NK: Tell me about the songs themselves.
TY: There's one called Bodysnatchers - it's a little bit like Neu! meets dodgy hippy rock. It sounds like that new Australian band Wolfmother - I really like them actually. They're totally unashamed about what they're doing. They just don't give a fuck - and I really love that. There's a track called 15 Steps which was born out of a mad rhythm experiment that we did last year. At first we thought, "How the fuck can we pull this off live?" But then we were listening to Fuck The Pain Away by Peaches a lot and that indirectly inspired us to turn it into something different. It's got a bass line like Airbag and it's in 5/4 time with this 'clapping' groove throughout. I really like the lyrics. "You used to be alright / W hat happened? / Et cetera et cetera / Friends forever! 15 steps -then a sheer drop."
Then there's 4-Minute Warning which begins with the lines, "This is just a nightmare/ Soon I'm going to wake up." It's a song that's been kicking around forages but I really, really like it. It's very, very simple. Almost too simple. In fact, it might ultimately get thrown away for being too simple.
We've developed this cool version of Nude, which is another song that's been around for ages. Don't Get Any Big Ideas it used to be called. There is an actual recording of that - but whether it's finished or not is something we're going to have to argue amongst ourselves about (laughs). It's fucking tortuous being us - nobody else on the planet would operate like this.

NK: Is Radiohead an incessantly conflicted five-way democracy in the studio?
TY: That's the situation when we try to produce ourselves, yeah. It gets into feedback and everyone goes round in their own circles. We're all terribly polite to each other but nothing fucking happens. Whereas if you have someone to argue with everything moves much faster. But a lot of our recent problems, like the absence of finished tracks, have arisen from the protracted mood of us gearing up to do something and not finding the momentum to sustain anything. Even if something we'd recorded had been musical gold dust, we still wouldn't have known it at the time. There's another song called House Of Cards - that's my personal favourite. It reminds me a lot of that tune by Fleetwood Mac - Albatross, which I absolutely love. House Of Cards sounds satisfying, really mellow and summery...

NK: All adjectives you don't normally associate with Radiohead.
TY: I know (laughs). We're more associated with terms like "electronic", "neurosis", "madness" and "fucked-up beats".

NK: The Eraser certainly fits into those categories. Did you ever feel like recording a song for it using just an acoustic guitar, say?
TY: Believe me, Nigel was trying (laughs). There are a few like that in the cupboard. But they didn't fit because the project quickly started congealing into one particular direction. This record got all that "sitting in my room with a laptop" approach out of my system for the time being. I hear the loud "hurrahs" in the distance (laughs).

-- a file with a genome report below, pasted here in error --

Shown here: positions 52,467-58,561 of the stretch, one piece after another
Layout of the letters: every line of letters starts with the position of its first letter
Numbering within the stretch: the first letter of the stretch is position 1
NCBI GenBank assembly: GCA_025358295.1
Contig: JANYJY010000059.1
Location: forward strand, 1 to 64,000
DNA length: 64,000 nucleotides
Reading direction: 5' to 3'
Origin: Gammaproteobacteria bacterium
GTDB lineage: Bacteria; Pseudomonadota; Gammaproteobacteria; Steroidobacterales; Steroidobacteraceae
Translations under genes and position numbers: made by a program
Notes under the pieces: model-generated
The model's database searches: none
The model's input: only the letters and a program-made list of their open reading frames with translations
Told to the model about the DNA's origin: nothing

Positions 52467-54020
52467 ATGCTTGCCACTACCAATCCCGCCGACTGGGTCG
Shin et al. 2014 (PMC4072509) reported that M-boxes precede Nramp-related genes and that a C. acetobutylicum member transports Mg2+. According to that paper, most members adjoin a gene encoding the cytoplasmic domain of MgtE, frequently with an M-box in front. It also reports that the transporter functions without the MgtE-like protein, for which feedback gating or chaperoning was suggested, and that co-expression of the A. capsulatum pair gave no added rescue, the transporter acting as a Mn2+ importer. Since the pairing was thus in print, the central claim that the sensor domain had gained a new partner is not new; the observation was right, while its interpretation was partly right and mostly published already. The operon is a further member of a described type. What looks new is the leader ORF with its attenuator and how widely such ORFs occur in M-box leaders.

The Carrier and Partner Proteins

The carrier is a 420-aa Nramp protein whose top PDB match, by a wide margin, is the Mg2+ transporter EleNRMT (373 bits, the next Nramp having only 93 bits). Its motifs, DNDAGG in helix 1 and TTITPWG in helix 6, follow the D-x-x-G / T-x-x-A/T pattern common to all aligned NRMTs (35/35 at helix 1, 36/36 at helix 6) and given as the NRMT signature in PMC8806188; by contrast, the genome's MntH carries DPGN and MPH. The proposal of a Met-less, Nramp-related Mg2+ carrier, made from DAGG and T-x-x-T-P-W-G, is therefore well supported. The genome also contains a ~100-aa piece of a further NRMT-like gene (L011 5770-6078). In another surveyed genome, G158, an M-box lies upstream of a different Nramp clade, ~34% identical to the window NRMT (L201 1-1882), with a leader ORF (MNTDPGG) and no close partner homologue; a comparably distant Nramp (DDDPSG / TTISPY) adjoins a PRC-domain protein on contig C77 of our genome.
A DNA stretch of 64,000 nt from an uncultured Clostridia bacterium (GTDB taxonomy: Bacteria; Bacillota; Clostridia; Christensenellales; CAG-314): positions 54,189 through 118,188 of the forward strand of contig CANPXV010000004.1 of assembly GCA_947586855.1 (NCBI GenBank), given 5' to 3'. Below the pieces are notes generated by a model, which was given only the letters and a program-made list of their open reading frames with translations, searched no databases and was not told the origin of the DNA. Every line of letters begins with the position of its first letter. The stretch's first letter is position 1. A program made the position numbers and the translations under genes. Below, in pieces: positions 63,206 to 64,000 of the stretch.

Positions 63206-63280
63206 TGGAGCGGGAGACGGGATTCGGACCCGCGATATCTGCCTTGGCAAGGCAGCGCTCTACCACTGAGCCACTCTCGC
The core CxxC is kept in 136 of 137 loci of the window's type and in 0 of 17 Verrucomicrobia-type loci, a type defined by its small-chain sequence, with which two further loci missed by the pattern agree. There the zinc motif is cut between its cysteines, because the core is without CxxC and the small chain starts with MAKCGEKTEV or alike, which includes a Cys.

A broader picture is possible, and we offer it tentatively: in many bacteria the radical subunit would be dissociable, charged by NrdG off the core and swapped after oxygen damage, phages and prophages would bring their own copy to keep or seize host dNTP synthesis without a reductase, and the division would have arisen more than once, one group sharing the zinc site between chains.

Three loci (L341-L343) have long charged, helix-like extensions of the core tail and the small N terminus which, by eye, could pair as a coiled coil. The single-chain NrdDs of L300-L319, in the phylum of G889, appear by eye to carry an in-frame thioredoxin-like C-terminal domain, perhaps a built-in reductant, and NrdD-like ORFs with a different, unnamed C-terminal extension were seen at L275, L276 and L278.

NK: These new compositions - the lyrics would still be all you?
TY: Yeah, though I tend to get prompted by the others on occasion. They’ll tell me, “That’s good. Don’t lose it.”

NK: And the melodies would be all yours too, right?
TY: The vocal melodies, yeah. Most of the time.

NK: The chords?
TY: That could be anyone.

NK: And the grooves?
TY: That could be absolutely anybody. That's the bit I'm most interested in right now, to be honest with you. A lot of what we're doing at the moment is much more about 'rhythm' and not about 'chord progressions', at least initially. I find that approach really cool. When we stopped, I started listening really heavily to all that Fela Kuti stuff and that whole idea of just staying on one chord and letting the groove go really impressed me. Black Swan on The Eraser is like that. Also And It Rained All Night which really was a homage to the Talking Heads' Remain In Light and Byrne/Eno's My Life In The Bush Of Ghosts. The bass line is pure Bush Of Ghosts. I even use talking on the track.

NK: Ever considered Brian Eno as Radiohead's next producer?
TY: We've talked to him before but (pause) I don't think so...

NK: What exactly are you looking for from a producer, then?
TY: Someone's who's prepared to get shouted at (bursts out laughing).

NK: Yes, but one of your roadies could fulfil that function.
TY: I know. It's so blindingly obvious, really. Basically, I don't want to stop working with Nigel. We've talked about this a lot and I don't think the others want to, either. It's just that we're such a group of mates now - if we just hang together and don't branch out at all, it becomes too safe. We want to fuck about.

NK: Leaving Nigel out of the Radiohead recording process would be quite a radical step for you at this stage of your career...
TY: For me, it doesn't really make sense to do that. It just seems silly. But at the same time it can be fun working with other people. It's good for everyone to feel like they're getting a kick up the arse.